Nobel Peace Prize laureate Aung San Suu Kyi was officially stripped of her “Freedom of Oxford” title on Monday evening for her handling of the Rohingya crisis in Myanmar, AFP reported.

In an unanimous decision, the Oxford City Council voted to strip Suu Kyi, Myanmar’s de facto head of state, of the award she received in 1997 and collected in 2012 after spending 15 years under house arrest, Al Jazeera reported.

The council had made the decision in October, but decided to hold a special meeting on Monday to confirm the withdrawal of the title, reported Oxford Mail.

“It was right to give the Freedom of the City to Aung San Suu Kyi in 1997 in recognition of her long struggle for democracy and her personal links to Oxford,” the cross party motion read, according to The Independent. The motion said Suu Kyi had not responded to the council’s letter calling on her to “do whatever she can to stop the ethnic cleansing in her country”.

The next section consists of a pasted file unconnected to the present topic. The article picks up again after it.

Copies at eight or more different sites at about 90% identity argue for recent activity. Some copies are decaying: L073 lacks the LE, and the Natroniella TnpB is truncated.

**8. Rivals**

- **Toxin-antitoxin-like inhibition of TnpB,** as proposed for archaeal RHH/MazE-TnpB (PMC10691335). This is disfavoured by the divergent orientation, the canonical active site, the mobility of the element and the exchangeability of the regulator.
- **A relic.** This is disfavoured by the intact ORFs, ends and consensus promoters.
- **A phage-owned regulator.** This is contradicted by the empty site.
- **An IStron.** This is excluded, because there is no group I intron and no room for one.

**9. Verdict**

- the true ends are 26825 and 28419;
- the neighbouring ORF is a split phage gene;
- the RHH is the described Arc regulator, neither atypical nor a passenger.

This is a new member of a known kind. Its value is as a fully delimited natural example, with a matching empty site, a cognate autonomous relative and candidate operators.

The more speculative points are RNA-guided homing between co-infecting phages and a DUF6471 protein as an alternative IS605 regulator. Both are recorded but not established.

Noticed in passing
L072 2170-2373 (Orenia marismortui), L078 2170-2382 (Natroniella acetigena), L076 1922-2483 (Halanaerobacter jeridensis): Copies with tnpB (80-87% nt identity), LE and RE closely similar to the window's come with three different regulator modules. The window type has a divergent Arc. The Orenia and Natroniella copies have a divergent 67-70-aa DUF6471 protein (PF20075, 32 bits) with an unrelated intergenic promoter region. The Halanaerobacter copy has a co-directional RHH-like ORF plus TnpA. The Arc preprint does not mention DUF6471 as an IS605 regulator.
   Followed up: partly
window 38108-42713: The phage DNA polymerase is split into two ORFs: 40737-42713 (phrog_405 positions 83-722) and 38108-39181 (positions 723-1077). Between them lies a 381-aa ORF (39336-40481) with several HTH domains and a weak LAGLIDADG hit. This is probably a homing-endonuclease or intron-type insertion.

The Oxford City Council awards the honorary title to people who have rendered eminent services. Suu Kyi was given the honour for her pro-democracy activism.

Lakhs of Rohingya Muslims have fled Myanmar to Bangladesh since August after violence broke out in Rakhine state. Rohingyas have been denied citizenship in Myanmar and are classified as illegal immigrants. The community has been subjected to violence by the Buddhist majority and the Army in Myanmar, though the country has repeatedly denied this claim.

UN committee seeks report on rape, death of Rohingya women

On Tuesday, a United Nations women’s rights panel asked the Myanmar government to report on sexual violence against Rohingya women and girls by its security forces in northern Rakhine, Reuters reported. It has given six months’ time to submit the findings.

The UN Committee on the Elimination of Discrimination against Women has also asked authorities for details on women and girls killed since the Army crackdown began in late August.